In 2020, University of Virginia administrators announced several initiatives, including that all students, regardless of citizenship status, would be eligible to enroll and that the athletics department would make plans to change the school logo. But the campus community is still urging administrators to revisit the racial equity task force’s recommendations that it develop anti-racist curriculum, increase minority representation in the faculty and confront statues and building names with Confederate ties.

“I think we have to make sure that we are continuing to be reflective individually and organizationally,” says Dr. Kevin McDonald, vice president of diversity, equity and inclusion and community partnerships at UVA. “And continue to check in with the community to make sure that what has been devised, developed and implemented is still meeting the needs of the community. Sometimes there are new needs that arise.”

More recently, those check-ins at UVA involve addressing concerns of Asian American students,

Dr. Kevin McDonald

acknowledging the institution’s history with slavery and increasing engagement with indigenous communities, since UVA sits on the ancestral land of the Monacan Nation.

“I am grateful to be a part of the community and grateful to be a part of the effort moving forward,” says McDonald. “That does not mean we are getting everything right. But the great thing about it is that we continue to kind of lean into the important conversations and commit ourselves to working hand-in-hand with our community to charter an important path forward together.”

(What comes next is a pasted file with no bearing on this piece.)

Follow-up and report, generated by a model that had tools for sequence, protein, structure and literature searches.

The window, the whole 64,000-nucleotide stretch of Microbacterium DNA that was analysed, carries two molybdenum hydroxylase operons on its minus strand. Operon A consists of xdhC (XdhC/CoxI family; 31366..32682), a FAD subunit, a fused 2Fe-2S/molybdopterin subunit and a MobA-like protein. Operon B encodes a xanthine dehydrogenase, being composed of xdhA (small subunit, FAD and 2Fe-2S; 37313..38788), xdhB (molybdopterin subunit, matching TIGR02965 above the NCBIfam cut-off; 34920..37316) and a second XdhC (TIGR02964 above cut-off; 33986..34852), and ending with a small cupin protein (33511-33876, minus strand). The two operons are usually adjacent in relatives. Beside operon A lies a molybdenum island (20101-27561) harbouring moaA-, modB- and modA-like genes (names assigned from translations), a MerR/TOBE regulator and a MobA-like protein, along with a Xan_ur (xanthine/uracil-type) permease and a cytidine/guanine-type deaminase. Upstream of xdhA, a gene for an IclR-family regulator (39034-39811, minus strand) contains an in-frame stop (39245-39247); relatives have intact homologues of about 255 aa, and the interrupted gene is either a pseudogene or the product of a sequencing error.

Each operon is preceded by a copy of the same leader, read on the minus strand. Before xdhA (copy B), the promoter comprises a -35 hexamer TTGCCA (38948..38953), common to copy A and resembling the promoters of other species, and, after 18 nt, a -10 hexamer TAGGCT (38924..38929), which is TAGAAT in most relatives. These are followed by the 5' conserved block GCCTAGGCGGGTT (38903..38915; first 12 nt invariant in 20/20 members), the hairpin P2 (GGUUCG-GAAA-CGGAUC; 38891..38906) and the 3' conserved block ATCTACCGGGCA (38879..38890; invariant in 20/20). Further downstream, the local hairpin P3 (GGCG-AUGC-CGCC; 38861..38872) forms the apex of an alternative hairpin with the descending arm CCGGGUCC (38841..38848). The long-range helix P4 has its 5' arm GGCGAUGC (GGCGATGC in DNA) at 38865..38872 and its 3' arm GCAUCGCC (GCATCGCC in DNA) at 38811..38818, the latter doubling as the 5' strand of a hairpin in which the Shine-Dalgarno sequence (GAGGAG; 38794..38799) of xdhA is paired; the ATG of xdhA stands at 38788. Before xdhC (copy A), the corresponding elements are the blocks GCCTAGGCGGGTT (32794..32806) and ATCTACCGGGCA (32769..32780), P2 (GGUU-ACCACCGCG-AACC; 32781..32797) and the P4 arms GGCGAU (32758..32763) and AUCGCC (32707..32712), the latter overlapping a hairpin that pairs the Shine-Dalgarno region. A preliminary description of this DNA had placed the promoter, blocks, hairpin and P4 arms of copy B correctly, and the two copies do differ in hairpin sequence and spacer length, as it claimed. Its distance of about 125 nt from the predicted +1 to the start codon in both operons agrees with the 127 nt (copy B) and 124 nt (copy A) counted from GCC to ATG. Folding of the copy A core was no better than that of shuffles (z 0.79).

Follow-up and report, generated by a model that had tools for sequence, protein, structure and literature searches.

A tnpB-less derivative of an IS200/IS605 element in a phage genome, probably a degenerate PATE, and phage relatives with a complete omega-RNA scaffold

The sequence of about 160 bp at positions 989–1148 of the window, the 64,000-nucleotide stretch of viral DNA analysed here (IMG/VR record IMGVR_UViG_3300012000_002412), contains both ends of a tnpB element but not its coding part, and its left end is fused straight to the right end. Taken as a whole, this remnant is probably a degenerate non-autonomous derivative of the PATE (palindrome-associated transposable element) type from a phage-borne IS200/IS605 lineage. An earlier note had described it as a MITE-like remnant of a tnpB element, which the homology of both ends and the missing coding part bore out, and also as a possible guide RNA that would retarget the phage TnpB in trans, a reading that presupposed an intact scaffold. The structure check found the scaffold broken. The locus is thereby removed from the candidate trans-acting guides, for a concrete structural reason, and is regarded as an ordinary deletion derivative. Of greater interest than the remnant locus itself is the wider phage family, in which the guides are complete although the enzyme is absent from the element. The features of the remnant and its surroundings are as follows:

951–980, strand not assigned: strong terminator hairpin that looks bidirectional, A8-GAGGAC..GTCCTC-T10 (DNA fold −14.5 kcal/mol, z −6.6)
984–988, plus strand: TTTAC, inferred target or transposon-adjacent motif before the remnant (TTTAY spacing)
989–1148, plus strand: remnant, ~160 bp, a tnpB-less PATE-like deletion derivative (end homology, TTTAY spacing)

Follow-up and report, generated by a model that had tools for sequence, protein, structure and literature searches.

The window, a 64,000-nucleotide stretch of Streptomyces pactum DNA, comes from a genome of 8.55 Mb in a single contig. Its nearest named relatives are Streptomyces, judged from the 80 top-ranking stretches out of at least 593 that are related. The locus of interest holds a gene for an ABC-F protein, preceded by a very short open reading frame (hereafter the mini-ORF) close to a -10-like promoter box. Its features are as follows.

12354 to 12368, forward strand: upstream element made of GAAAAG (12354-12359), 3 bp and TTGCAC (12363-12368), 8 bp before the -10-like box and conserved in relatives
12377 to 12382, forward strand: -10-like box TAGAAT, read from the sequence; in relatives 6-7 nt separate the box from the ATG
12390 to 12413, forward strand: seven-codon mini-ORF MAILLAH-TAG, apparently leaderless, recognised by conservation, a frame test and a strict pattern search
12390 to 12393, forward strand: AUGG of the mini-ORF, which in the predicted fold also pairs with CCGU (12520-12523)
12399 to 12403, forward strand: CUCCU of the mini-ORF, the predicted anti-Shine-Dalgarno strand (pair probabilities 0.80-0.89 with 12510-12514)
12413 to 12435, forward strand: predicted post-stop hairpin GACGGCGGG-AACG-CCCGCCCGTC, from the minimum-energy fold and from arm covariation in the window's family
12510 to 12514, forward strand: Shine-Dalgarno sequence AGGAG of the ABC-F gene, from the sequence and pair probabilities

Under a social justice initiative at Northwestern, administrators highlighted 10 commitments focused on reviewing campus police practices, increasing diversity training and developing anti-racist curriculum.

Staff and faculty have also developed programs to highlight social justice issues from a research perspective, such as the Center for Interdisciplinary Exploration and Research in Astrophysics (CIERA).

“I think there is a willingness to hear not only the problems that students are experiencing, but how they imagine the solution,” says Russel y Rodriguez. “There are protests for sure. There are big things happening out there in the world, and the university has an intersection with those big things, including policing and how do we respond to COVID? Those are all really difficult problems. Students and faculty are well-positioned to have commentary on them.”

Gallaudet University has become “accustomed to challenging conventional ways of thinking and being,” according to Moore. Still, the school is working to provide more platforms for students to participate in community dialogue and demonstrations.